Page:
Gari'funa speakers occupy the Caribbean coast between southern Belize and northeast Honduras, plus a small enclave at Pearl Lagoon, Nicaragua. Of the 54 Gari'funa settlements in Central America, 44 are along the coast of northern Honduras. Gari'funa are the majority rural people of the country's northern coastal fringes. Official population estimates for Honduran Gari'funa are between 70,000 and 80,000, but Gari'funa leaders often suggest a figure of 200,000 to 300,000. A 1988 Honduran language census lists 27,745 Gari'funa speakers, certainly an undercount. Gari'funa are unified and characterized primarily by language and rituals. Women normally dominate agriculture and food preparation, which centers on bitter manioc. Men engage in fishing-related activities and wage labor away from the villages. Although the distinctive Gari'funa culture, including dance, folk stories, songs, death, and rituals, remains strong in the home beach lands, out-migartion throughout Honduras and abroad is increasing. Maintaining the language and traditions is more difficult away from the villages. In addition, ladino encroachments onto traditional Gari'funa lands present the possibility of cultural dissolution.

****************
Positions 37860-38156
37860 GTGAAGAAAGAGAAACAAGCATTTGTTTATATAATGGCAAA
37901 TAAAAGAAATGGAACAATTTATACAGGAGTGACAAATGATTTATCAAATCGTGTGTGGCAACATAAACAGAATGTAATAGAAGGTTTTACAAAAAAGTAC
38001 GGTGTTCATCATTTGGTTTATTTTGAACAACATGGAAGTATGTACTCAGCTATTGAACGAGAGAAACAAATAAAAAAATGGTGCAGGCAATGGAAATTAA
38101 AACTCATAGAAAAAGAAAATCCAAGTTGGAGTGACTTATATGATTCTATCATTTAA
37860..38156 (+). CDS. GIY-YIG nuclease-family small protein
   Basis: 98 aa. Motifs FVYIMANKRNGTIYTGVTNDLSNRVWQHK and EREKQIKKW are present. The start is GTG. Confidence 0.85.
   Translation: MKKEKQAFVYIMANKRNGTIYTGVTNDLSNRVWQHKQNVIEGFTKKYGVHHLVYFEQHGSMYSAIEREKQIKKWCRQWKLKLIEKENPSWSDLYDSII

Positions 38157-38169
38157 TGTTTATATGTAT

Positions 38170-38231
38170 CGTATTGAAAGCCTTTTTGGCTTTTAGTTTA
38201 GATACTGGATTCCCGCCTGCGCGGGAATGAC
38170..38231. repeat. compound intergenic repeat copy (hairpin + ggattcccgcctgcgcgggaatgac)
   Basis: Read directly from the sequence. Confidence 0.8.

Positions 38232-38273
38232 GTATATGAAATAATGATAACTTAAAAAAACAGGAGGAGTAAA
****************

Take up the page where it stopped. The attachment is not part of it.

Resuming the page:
Jarig Bakker, 3 April 2000

Data from "The Ethnologue" at <>:
GARÍFUNA (CARIBE, CENTRAL AMERICAN CARIB, BLACK CARIB) [CAB] 12,274 in Belize (1991 census); 75,000 in Honduras (1995 UBS); 16,700 in Guatemala (1990 SIL); 1,500 in Nicaragua; 94,500 in all countries. Stann Creek and Toledo along the coast. Arawakan, Maipuran, Northern Maipuran, Caribbean. They speak Creole as second language. Dictionary. English-oriented orthography used in Belize, Spanish-oriented in Guatemala. NT 1983-1994. Bible portions 1847-1968.
Nicolas Rucks, 7 April 2000

The website of the National Garífuna Council of Belize has a detailed description of the flag: "The Garifuna flag consists of three horizontal strips of black, white and yellow, in that order, starting from the top. This flag has long been accepted internationally as the flag of the Garifuna Nation and the colours have been used in any forum where Garifuna people assert their Garifuna identity. The flag of the National Garifuna Council is identical to the Garifuna flag with the addition of the NGC logo set in a white circle in the center.